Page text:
Ottawa loses key Trans Mountain court case, but pushes ahead with pipeline

Trans Mountain suspending expansion construction activities

Trans Mountain ruling could delay project for years, experts say

Notley said the province is still committed to its own climate change leadership plan despite the move away from the federal plan.

"We struggle to see a path to getting this pipeline built in the foreseeable future without the federal government taking some very bold action".

"The current state of affairs in Canada right now is such that building a pipeline to tidewater is practically impossible", she said.

Rachel Notley has never condemned or apologized for her past anti-pipeline comments from herself and her MP's, that's leads me to believe Notley really got her wish on the Kinder Morgan ruling, which ultimately killed the project along with thousands of jobs.

It's highly improbable Trudeau's government will be able to get the board review and Indigenous consultations done before the next election in the fall of 2019, said Harrison, who added that it's hard to say how the ruling will affect the Liberal government's chances.

The federal plan requires provinces and territories to put a price on carbon emissions - through a cap and trade system, a carbon tax or some hybrid scheme - of at least $20 per tonne, starting January 1.

The government intends to move forward to get the pipeline expansion built "in the right way", the prime minister said Friday, indicating that the government accepts the Federal Court of Appeal's criticism of the approval process.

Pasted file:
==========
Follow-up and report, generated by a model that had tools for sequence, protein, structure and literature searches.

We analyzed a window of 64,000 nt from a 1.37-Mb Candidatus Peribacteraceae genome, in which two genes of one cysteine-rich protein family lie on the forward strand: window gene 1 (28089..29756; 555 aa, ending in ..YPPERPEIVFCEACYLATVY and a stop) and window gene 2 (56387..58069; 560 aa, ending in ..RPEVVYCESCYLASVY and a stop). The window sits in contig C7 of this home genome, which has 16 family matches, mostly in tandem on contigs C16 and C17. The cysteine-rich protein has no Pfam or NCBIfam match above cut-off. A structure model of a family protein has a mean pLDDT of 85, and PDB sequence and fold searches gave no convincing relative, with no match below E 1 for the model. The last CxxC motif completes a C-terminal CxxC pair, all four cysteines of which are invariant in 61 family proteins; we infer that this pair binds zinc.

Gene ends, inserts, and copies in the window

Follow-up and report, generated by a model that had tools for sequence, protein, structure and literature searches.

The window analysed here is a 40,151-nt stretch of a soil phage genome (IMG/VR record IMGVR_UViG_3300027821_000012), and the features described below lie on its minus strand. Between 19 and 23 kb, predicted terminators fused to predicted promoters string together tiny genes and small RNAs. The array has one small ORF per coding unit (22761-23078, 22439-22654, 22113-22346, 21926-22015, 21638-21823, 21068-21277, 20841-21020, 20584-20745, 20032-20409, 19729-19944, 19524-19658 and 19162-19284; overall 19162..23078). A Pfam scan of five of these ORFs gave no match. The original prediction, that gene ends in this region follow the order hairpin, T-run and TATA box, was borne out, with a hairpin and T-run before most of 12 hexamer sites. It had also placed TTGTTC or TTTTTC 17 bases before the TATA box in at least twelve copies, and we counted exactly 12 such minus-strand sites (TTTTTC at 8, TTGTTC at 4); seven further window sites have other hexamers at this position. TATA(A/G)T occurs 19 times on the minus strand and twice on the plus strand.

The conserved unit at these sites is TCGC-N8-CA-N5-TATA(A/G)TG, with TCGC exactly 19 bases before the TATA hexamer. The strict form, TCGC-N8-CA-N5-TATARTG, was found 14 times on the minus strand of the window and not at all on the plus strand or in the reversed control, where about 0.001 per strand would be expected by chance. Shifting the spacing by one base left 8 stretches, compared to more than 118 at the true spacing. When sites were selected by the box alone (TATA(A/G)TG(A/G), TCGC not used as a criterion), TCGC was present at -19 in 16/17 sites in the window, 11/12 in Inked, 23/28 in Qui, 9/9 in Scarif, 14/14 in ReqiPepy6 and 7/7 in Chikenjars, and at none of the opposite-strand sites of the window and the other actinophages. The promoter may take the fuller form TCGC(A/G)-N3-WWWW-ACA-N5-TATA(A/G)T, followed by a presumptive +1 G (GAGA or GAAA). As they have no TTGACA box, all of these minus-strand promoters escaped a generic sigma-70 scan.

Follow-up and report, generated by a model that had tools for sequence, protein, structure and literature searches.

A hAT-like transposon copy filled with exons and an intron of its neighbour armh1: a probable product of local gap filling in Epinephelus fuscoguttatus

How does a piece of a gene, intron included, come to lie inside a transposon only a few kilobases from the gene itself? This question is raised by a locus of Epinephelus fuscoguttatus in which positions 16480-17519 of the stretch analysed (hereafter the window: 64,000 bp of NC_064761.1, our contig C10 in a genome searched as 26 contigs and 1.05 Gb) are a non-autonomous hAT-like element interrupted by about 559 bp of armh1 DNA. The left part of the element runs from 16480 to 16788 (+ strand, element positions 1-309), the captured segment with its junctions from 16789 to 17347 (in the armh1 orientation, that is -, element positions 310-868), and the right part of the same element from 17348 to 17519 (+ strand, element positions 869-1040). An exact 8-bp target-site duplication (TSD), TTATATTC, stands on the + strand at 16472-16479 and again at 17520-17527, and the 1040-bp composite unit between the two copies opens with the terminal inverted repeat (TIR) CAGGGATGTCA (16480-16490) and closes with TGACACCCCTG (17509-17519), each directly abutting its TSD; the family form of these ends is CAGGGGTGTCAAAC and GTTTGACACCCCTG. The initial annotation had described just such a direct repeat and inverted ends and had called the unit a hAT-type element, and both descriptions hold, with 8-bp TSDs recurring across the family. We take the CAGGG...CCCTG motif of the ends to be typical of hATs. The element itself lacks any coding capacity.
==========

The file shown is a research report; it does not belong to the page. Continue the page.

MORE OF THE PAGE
She wants the federal government to immediately launch an appeal of the court ruling and is asking for improved consultation with Indigenous groups.

She said the federal government needs to pass emergency legislation making it clear that the National Energy Board does not have to inquire into marine shipping impacts as part of its mandate, and never had to do so in the case of Trans Mountain.

"It was an important milestone today with the shareholder vote", Morneau said at a press conference in Toronto.

Natural Resources Minister Amarjeet Sohi, MP for Edmonton Mill Woods, wasn't available for comment on Thursday and referred media to Morneau.

"Development delayed is development denied".

For example, the Coldwater Indian Band in south-central B.C. raised concerns about the pipeline route passing through an aquifer that is the sole supply of drinking water for its main reserve.

The Squamish Nation welcomed the ruling in favour of Indigenous rights.

Now the issue will no longer be top of mind for British Columbians, Horgan added. "I'm going to continue to focus on those".

The court combined into one case almost two dozen lawsuits filed by First Nations, environmental groups and the cities of Vancouver and Burnaby calling for the energy board's review to be overturned.

The ruling, written by Justice Eleanor Dawson, suggested new consultations with First Nations could result in a delay.

"Meaningful consultation is not intended simply to allow indigenous peoples "to blow off steam", the decision said".

Construction was scheduled to start this fall with surveying in Alberta and B.C. Now that timeline, and plans to put pipe in the ground in early 2019, has been called into question.

Kinder Morgan had won several court victories, including one last week when the Supreme Court of Canada dismissed an application from the City of Burnaby to overturn a lower court decision.

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